Song Premiere: Jeremy Squires “Labyrinth”

Americana Highways

Squires’ latest has that close up production feel that will draw you into feeling like you are sitting right here listening live.  The song itself is very fluid and flowy.  Give it a listen and unwind.

‘Labyrinth’ is one of my favorite songs from Many Moons and one of my favorite songs that I’ve ever written. I experimented with alternate tunings for the song and came up with a textured/dreamy sound. The lyrics are very close to my heart as well. This song is about living in the same place where you grew up and watching everything change around you. This line from “Labyrinth” conveys what I try to express in the song: ‘The neighbors were building a treehouse for the kids in the yard where I used to play for hours dreaming.’ I tried to write and sing it in a way that paints a vivid portrait. — Jeremy Squires

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North Carolina native Jeremy Squires has spent the better part of two decades playing in bands and recording his own style of sparse and rootsy folk music. Since 2013 he has been staying especially productive, releasing a handful of albums and progressing his ability as a songwriter capable of crafting music filled with depth, emotion and haunting imagery. Like most of us, Squires has been in quarantined at his home for the last couple of months. Though it hasn’t been easy for many artists to stay creative during this time, he has made the best of it. In March, Squires released an album of covers featuring interpretations of songs by Bonnie ‘Prince’ Billy, Nirvana, Damien Jurado, Jason Molina and Pedro the Lion among others. Then, just over a month later, he followed it up with a full-length LP called Eastern Glow, a collection of quiet and introspective folk songs with sparse, stripped down instrumentation. The raw production and the intimacy of the music make Eastern Glow an album that speaks to our current times. ”

Glide Magazine

Squires breathes melancholy into each of his re-interpretations, leaving some songs quite a bit more devastating than the original writers intended, while others -- like his cover of "Heart Shaped Box" -- gain some tenderness. ” - Adobe and Teardrops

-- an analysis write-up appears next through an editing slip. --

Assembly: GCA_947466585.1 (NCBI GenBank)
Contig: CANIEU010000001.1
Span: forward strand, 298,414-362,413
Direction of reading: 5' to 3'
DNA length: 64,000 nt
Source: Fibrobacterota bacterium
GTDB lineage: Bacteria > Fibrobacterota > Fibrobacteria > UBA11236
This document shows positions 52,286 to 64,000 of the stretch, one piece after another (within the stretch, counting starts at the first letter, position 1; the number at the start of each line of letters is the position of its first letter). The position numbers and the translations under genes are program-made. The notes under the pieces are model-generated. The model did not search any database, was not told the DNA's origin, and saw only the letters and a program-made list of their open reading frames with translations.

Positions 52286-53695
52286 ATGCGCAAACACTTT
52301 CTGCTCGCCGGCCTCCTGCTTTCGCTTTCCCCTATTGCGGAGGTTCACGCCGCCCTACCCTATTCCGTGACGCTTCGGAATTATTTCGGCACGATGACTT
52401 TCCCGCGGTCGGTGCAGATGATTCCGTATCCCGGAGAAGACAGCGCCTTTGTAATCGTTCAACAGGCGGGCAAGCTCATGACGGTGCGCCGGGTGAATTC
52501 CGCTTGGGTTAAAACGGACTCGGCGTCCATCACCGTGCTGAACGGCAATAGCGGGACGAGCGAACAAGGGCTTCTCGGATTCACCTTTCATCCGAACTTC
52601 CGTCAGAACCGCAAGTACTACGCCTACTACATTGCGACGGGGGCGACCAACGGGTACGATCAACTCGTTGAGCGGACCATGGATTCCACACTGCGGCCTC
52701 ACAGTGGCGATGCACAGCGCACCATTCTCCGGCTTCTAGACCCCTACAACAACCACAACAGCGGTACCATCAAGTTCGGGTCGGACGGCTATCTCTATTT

For those of you who have actually read this blog, and/or those who know me personally, know that I am a huge fan of North Carolina singer-songwriter Jeremy Squires. I relate to his songs on a deep personal level, but not only that, having known Jeremy, I know that he is a solid and decent human being. And, I believe it is this humanity alongside his life experiences of loss, pain, happiness, and love that make him the great songwriter I have known since early 2013. His ability to write and construct delicate, complex, Southern Gothic songs that beguile worn and restless souls into some kind of peaceful trance where warmth and comfort reside is remarkable, and this could not be more true than with Jeremy’s new song “Heaven”. Presently, Jeremy is in the midst of finalizing his new album Poem, which he has described as an album of “My personal poetry set to music that document changes in my life as well as my loved ones.” Honestly, I feel like every album Jeremy has released has been some kind of personal diary or book of poems for the world to hear, and, as a result, he has mastered the art. So, as a way to build up his forthcoming album, Poem, Jeremy has been releasing videos. The first, “Somersault“, which has been out for weeks, lovingly describes a lover’s love as the best medicine for his anxiety. The second, “Gift“, has also been out for a while now, and, is as Jeremy explains, a song that describes “when what is lost is finally found.” Now, that brings me to his new release, “Heaven” — the song that I am so proudly premiering. This is a beautiful song filled with haunting imagery and a feeling of being lost while the ethereal strings provided by Andrew Joslyn + Passenger String Quartet swirl around the wistful inflection of Jeremy’s voice. It’s magic. Unfortunately, Jeremy has not set a release date for Poem, but if “Heaven” and the previous releases are any indication, it will cement his reputation as the poet laureate of modern folk. ”

Common Folk Music

Jeremy Squires is surely about to release a stunner of an album. While Poem doesn't yet have a release date, he's released a number of singles that have me quite excited. In "Gift," Squires reckons with loss and nostalgia in a somber piece that insistently grabs your attention.   ”